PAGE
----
Last Updated: 26 September, 2020
Panasonic SmartHome is a wireless control system for your home managed on your mobile phone. The system is made up from a number of devices including window / door sensors, internal and external cameras and plug controllers. Earlier this year my husband and I’d discussed installing a security system so I felt more secure while he was working overseas for six months. In the end, his business trip didn’t happen so we didn’t get a system, therefore I was pleased to be asked to test a Panasonic SmartHome kit because I still want the extra feeling of security.
I remember a burglar alarm being fitted in my childhood home; the disruption! Everything was wired so we had holes cut in the floor so cables could be passed underneath and holes were drilled in the doors so the magnets could be fitted inside. However, it was also a lot of fun; in the lounge my sister and I would try and get around the edge of the room without breaking one of infra red beams and lighting up the sensor. Thankfully due to wireless technology things have improved and there are significantly fewer cables now.
Panasonic point out the SmartHome equipment is “an auxiliary system; it is not designed to provide complete protection from property loss”. This made me consider what do I want from a system to help me feel safe, and I decided on three features that can be included in the SmartHome system.
- deterrent – for example having an external camera so potential no gooders know they could be filmed
- alert to something not being right, such as a door being opened
- record details that can be shared with the police to help with any investigation
Fitting Panasonic SmartHome
The set we were sent to trial is the Home Monitoring & Control Kit (KX-HN6012) which retails at Currys PCWorld for £229.99. This set consists of a hub (the central point of the system), one internal camera, two window / door sensors and a smart plug.
In theory, the system is very easy to set up as you install the hub and then register each sensor by pressing a button on the hub and then one on the device, and then fit them in position. By downloading the app you can access all the settings.
However, in practice I didn’t find it that easy, partly due to the information provided. I’m new to this type of technology, as I suspect many people are, so I wanted some summary information about the technology and how you may want to set up the system, but this was not provided in the box. The Quick Setup Guide has instructions for downloading the app and setting up the hub, Basic Troubleshooting and a diagram under the title What is the Panasonic Home Network System but it has no explanation, for example why might you want a sensor in your child’s bedroom?
The other information provided are the Installation Guides for each device, and these are dull, with instructions on installing the device not starting until about page 7 but including useful information such as not using plug sockets in the ceiling; do these exist?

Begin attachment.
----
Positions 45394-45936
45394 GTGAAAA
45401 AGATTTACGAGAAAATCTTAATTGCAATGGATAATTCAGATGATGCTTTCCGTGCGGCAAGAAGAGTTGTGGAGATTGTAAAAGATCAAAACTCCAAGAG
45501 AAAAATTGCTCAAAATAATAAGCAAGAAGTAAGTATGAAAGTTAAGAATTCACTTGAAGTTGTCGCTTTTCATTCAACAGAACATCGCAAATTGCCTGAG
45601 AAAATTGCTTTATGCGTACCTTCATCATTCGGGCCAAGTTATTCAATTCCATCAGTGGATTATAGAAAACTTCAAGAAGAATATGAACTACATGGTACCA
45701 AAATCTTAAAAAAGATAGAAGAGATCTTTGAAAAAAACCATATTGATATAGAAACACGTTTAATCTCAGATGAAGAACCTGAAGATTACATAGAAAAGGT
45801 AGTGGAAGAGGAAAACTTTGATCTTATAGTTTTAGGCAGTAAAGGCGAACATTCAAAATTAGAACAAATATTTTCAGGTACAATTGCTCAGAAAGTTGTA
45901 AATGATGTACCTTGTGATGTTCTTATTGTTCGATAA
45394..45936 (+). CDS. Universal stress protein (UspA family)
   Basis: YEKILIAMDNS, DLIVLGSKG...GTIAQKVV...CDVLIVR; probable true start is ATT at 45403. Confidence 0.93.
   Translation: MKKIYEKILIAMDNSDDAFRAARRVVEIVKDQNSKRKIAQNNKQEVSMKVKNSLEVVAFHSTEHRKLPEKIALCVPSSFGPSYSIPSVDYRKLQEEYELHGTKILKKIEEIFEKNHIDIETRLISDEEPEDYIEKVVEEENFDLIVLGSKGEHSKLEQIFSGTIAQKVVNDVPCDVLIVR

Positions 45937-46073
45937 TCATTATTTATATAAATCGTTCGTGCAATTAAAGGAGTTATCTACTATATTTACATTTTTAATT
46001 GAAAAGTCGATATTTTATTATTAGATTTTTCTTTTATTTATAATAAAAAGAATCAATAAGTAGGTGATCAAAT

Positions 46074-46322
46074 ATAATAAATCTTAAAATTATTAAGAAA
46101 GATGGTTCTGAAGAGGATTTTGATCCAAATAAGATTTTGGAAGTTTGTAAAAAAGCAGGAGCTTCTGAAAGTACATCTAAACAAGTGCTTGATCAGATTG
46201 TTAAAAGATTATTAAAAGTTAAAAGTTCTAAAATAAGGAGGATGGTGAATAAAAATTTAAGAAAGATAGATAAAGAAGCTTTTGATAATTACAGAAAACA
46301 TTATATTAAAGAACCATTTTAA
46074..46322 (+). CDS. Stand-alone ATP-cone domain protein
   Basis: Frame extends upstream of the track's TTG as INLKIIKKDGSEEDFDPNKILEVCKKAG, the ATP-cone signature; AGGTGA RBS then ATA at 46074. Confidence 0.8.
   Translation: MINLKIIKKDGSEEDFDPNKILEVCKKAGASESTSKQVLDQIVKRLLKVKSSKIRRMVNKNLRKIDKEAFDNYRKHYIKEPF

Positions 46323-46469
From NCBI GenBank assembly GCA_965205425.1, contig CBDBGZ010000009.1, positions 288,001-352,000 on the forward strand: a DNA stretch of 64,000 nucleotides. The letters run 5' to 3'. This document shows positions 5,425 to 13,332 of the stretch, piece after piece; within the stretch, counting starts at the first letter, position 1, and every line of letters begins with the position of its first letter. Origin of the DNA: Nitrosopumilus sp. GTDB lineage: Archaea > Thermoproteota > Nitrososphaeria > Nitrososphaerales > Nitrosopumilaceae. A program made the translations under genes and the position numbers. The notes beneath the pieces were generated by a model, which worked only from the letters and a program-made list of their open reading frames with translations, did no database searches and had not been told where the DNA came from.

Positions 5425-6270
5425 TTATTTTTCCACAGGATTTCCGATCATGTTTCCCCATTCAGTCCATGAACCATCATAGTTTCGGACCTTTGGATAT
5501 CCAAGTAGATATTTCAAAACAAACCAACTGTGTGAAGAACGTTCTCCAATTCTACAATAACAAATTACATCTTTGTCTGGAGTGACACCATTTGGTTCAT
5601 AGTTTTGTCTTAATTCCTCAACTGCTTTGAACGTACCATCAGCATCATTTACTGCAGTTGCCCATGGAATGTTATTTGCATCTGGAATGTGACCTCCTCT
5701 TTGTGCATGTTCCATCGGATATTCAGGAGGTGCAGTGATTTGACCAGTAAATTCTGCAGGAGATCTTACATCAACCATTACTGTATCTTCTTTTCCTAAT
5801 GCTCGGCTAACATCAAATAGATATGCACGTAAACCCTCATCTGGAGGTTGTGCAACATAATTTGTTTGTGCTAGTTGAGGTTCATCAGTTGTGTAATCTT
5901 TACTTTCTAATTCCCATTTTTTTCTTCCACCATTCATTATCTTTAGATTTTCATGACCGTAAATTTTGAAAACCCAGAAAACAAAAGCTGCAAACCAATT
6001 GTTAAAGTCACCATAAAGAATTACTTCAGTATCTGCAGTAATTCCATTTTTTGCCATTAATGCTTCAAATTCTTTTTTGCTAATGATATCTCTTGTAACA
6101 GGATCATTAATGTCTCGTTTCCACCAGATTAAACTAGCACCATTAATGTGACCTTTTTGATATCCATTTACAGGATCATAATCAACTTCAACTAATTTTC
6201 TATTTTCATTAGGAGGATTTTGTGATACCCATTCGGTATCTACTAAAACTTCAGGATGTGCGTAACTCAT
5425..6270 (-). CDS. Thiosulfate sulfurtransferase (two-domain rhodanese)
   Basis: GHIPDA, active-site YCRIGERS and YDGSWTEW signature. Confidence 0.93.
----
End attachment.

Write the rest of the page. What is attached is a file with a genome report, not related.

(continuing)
The Hub System Setup Guide is the most useful and includes information on where to locate the hub for best performance, but missed two important pieces of information for me: why does it need to be connected to the phone line and can it be installed anywhere in the house or does it need to be somewhere specific? So we ended up installing it in the wrong place, upstairs, meaning we can’t hear the one minute countdown to leave the house once the system is armed.
The Hub System Setup Guide also has an overview of the features of the available devices, but no guidance on how you may want to use them together. I eventually found some Usage Examples in the User Guide that I accessed from the app. Here is the link to read it online if you are looking for ideas on how you could use the kit. At the time of writing the examples are, I want:
- to know if someone enters my home while I’m out
- to view live camera images while I’m out
- to record video from a camera if motion is detected
- the lights to turn on automatically when I come home
- the lights to turn on automatically while I’m away on vacation
- to know when my baby wakes up
- the system to keep running if there is a power outage
- to use my mobile device to make and answer landline calls at home
Our experience using the Panasonic SmartHome kit
I found it very easy to connect the Smart Plug and Camera. The only problem we’ve found is limitations on where we can use the camera because it needs a power supply and the provided cable isn’t long enough for us to fit it on the wall close to ceiling height.
Window / door sensor
The window / door sensors were a different matter. We decided we wanted one on the front door and one on a back door as it is the darkest part of the garden so is the mostly likely entry point for someone trying to break in. Fitting the sensors on the front door was easy as the door is flush to the frame, however our back door (and windows) are not flush and the difference between the door and frame is only just in the range of the sensor, so it was a very precise job sticking them in position.
But then nothing happened, the app appeared to register them but said they were out of range so I thought the lift was disrupting the signal between the hub and the front door, and the back door was too far away from the hub. I used the Panasonic online chat and spent about two hours with George who discovered that the sensors did not register properly with the hub, even though, there was no message in the app or guidance in troubleshooting information that suggested I should try registering them again.